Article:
Morbid Jealousy?


I left my marriage of 5 years six months ago. He was abusive but much of it was spurred by my constant jealousy. In the beginning of our engagement he was having an online and text relationship. After that, though, he made every effort to be faithful but I never believed him. I searched his computer, his phone, I attacked female friends on his Facebook page, I was jealous everywhere we went and I would wake up in the middle of the night and sneak to look through his phone. He would always get very angry when I didn’t trust him and understandably so. This is not the first relationship I’ve ruined in this manner. I am Bipolar, with a serious suicidal history,  I am on medication. Psychotherapy only goes so far for me, as I’ve had years of it since I was very young. What can I do to help myself and stop the urge to act on this constant jealousy and fear? Thank you!

This Disclaimer applies to the Answer Below
  • Dr. Schwartz responds to questions about psychotherapy and mental health problems, from the perspective of his training in clinical psychology.
  • Dr. Schwartz intends his responses to provide general educational information to the readership of this website; answers should not be understood to be specific advice intended for any particular individual(s).
  • Questions submitted to this column are not guaranteed to receive responses.
  • No correspondence takes place.
  • No ongoing relationship of any sort (including but not limited to any form of professional relationship) is implied or offered by Dr. Schwartz to people submitting questions.
  • Dr. Schwartz, Mental Help Net and CenterSite, LLC make no warranties, express or implied, about the information presented in this column. Dr. Schwartz and Mental Help Net disclaim any and all merchantability or warranty of fitness for a particular purpose or liability in connection with the use or misuse of this service.
  • Always consult with your psychotherapist, physician, or psychiatrist first before changing any aspect of your treatment regimen. Do not stop your medication or change the dose of your medication without first consulting with your physician.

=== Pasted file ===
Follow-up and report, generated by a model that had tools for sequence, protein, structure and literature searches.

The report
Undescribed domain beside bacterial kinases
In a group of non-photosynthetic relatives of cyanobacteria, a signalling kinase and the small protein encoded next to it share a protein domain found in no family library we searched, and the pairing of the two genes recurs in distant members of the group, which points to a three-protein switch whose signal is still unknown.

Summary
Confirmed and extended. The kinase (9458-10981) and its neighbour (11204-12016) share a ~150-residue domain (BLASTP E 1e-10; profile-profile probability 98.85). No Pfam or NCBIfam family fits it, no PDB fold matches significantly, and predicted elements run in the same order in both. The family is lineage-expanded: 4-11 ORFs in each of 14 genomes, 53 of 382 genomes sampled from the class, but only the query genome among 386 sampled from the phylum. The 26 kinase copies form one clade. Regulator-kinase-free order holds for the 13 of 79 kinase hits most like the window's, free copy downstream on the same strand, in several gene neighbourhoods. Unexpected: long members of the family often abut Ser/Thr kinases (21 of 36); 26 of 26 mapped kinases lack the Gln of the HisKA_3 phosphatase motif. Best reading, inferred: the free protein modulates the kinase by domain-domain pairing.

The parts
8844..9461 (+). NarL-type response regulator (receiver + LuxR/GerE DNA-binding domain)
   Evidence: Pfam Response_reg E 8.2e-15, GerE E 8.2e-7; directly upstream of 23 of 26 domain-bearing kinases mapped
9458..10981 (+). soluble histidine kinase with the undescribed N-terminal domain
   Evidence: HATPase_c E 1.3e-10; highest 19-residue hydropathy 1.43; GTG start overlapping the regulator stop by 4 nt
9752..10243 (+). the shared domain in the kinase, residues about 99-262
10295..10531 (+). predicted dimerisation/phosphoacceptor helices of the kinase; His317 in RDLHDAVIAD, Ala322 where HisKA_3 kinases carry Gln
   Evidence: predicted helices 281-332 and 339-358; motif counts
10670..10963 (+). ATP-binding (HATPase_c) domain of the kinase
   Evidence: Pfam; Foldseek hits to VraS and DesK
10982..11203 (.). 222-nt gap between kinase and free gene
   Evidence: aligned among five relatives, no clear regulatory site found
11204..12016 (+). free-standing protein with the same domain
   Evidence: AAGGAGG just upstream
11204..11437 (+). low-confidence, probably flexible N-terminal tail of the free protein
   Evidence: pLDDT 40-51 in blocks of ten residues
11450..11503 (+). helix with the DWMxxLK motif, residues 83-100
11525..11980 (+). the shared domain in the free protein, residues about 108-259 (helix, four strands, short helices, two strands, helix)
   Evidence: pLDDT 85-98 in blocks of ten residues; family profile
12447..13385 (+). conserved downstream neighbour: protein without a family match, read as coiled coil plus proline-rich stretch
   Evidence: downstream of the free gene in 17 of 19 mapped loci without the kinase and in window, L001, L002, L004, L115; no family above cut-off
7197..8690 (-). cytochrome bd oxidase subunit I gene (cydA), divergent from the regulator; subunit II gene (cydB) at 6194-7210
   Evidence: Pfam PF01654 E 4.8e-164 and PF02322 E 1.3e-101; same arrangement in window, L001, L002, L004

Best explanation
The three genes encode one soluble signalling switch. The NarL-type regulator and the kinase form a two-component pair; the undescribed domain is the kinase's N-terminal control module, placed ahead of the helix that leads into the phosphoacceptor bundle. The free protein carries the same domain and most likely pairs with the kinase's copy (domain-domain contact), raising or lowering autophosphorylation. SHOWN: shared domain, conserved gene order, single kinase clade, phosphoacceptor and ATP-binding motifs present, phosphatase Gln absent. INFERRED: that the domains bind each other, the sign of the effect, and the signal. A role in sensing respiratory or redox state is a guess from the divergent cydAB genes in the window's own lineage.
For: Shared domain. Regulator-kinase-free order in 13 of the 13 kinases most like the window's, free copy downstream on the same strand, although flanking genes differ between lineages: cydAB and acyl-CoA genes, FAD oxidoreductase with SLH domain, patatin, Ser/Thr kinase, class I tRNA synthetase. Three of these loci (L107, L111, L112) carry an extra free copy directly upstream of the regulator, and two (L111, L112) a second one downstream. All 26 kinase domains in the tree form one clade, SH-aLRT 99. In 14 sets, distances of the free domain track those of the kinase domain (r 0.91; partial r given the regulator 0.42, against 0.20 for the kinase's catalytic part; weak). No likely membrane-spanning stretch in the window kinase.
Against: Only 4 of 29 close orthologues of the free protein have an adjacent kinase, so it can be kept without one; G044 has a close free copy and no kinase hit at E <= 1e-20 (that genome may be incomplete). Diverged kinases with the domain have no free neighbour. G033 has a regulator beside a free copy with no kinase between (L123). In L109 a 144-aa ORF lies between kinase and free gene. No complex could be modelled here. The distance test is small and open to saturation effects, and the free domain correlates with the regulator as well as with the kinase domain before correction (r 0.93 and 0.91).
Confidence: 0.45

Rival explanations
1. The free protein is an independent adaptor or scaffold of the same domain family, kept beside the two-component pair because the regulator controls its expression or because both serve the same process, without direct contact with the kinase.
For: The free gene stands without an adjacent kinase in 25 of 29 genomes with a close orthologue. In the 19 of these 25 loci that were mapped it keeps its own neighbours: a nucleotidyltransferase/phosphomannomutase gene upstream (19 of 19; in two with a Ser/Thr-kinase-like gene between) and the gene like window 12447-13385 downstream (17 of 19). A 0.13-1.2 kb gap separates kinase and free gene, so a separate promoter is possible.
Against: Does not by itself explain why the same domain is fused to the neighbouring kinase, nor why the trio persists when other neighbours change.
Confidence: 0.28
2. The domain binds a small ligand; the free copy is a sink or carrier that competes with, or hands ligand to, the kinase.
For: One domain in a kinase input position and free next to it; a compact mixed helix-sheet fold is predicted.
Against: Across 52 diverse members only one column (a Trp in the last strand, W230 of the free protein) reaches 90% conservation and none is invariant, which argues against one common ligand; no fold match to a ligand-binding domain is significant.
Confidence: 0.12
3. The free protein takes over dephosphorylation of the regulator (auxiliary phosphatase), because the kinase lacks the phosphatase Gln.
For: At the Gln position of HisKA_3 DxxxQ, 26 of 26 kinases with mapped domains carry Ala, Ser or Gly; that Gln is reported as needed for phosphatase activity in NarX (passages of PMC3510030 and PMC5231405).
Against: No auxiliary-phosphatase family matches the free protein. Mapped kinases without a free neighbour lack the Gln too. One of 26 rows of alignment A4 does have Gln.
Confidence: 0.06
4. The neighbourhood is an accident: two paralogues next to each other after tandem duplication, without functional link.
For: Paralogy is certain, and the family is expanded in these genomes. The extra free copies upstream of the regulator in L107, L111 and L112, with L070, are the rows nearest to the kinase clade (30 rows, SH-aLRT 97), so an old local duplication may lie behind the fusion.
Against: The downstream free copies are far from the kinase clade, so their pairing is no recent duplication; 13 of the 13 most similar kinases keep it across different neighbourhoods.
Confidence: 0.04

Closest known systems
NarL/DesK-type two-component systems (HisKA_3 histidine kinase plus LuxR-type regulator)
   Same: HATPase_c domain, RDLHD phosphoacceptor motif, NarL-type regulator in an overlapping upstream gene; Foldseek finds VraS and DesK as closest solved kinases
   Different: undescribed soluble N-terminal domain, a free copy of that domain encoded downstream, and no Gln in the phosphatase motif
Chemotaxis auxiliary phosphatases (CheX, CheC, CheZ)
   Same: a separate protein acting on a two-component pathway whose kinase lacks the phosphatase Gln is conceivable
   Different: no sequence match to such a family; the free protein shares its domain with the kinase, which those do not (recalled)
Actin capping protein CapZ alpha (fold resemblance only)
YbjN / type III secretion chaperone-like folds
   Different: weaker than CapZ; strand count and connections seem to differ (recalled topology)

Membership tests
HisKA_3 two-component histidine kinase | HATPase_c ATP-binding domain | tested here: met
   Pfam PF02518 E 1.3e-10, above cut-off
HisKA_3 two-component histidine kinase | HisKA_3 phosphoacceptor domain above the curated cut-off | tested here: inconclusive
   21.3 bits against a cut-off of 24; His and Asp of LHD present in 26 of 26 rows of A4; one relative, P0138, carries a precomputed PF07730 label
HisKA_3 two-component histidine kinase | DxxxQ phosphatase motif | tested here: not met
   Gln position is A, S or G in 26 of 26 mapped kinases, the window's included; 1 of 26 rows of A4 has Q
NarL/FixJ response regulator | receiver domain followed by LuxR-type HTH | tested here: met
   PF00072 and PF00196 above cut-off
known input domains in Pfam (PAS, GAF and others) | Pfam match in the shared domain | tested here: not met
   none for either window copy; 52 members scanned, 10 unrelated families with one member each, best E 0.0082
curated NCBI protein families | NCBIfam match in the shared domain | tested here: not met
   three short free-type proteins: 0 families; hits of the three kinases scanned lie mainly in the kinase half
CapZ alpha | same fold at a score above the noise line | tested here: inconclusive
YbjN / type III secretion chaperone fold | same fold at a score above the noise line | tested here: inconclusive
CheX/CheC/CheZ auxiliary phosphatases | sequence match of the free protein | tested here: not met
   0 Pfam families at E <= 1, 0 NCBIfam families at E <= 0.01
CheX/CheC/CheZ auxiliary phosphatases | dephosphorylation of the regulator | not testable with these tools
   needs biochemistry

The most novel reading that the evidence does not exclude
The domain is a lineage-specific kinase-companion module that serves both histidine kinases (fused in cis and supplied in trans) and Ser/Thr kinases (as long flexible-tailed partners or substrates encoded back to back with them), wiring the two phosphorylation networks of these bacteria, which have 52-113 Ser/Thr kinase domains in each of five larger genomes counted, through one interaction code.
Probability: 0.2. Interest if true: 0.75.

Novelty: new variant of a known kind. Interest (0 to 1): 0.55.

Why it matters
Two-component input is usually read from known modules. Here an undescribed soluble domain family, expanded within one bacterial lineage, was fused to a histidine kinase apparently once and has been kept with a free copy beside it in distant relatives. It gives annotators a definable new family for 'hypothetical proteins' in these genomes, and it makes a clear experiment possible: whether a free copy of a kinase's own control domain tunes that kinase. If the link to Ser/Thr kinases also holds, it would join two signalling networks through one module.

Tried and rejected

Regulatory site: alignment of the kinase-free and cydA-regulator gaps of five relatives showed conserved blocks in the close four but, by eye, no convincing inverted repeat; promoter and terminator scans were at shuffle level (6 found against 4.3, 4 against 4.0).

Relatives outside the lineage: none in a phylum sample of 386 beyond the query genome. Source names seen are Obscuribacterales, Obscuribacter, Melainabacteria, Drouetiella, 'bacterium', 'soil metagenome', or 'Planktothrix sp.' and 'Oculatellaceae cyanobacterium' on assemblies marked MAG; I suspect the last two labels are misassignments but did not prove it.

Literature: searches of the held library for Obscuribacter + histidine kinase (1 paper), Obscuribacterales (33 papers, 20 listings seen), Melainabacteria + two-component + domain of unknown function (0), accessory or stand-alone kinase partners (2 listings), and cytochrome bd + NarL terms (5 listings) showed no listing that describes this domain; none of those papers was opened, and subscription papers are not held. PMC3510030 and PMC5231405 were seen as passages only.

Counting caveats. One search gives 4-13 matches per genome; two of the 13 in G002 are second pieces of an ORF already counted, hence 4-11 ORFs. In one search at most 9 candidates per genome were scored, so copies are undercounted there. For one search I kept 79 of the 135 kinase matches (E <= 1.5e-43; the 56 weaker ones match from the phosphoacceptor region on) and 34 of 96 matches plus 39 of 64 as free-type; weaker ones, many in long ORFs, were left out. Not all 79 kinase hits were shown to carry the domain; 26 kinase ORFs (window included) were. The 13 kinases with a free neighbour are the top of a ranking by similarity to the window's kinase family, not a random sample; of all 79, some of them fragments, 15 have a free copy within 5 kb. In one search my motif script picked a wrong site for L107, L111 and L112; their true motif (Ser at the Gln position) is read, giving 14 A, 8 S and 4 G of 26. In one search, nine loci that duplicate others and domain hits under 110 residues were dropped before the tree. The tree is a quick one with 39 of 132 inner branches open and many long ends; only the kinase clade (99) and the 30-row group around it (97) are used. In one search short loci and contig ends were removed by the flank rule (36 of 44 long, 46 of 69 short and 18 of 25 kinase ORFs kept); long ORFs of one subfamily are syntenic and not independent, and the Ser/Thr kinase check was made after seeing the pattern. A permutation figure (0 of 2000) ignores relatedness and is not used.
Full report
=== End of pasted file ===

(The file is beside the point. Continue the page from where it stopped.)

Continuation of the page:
The fact that you have a Bipolar Disorder does not explain all of the problems you are discussing. After all, the fact that your husband had an online text relationship would make anyone feel jealous. You will probably tell me that you were not yet married. However, you were engaged and he should not have been involved in that relationship.

What is most troubling of all is that you describe him as being abusive. Even if you were jealous and went through all of his things looking for evidence of his being unfaithful, is not excuse for any type of abusive behavior, verbal or physical. You seem to be saying that his abusiveness was justified because of your jealousy. That simply is not true.


However, it appears that you are a very jealous person and have had problems with past boyfriends. Usually this type of problem has little to do with medication. What I mean is that the medication you take for Bipolar disorder will not reduce your feelings of jealousy. Those types of feelings and thoughts respond much better to psychotherapy than anything else. Therefore, I support the idea of your using medication for your diagnosis and psychotherapy to help you with relating to other people.

I have no idea what type of psychotherapy you have had in the past but, my educated guess is that it has been more in the way of learning how to handle the symptoms of Bipolar disorder more than anything else. We calll that “psycho-education.” However, I am only guessing. What I do suggest is that you get into Cognitive Behavior Therapy or, even better for you, Dialectic Behavior Therapy. They are closely related but DBT has with it strategies to help you learn to control and reduce feelings of turmoil and stress. This includes learning and using meditation.

Therapists are Standing By to Treat Your Depression, Anxiety or Other Mental Health Needs

Explore Your Options Today


To conclude, don’t be so fast to blame only yourself for the problems in your marriage. Both of you contributed to what happened. However, yes, you do need help with those jealous thoughts and feelings and that is where DBT comes in.

Best of Luck

More "Ask Dr. Schwartz" View Columnists

Myndfulness App

Designed to Help You Feel Better Daily

Myndfuless App Rating

Download Now For Free

Learn More >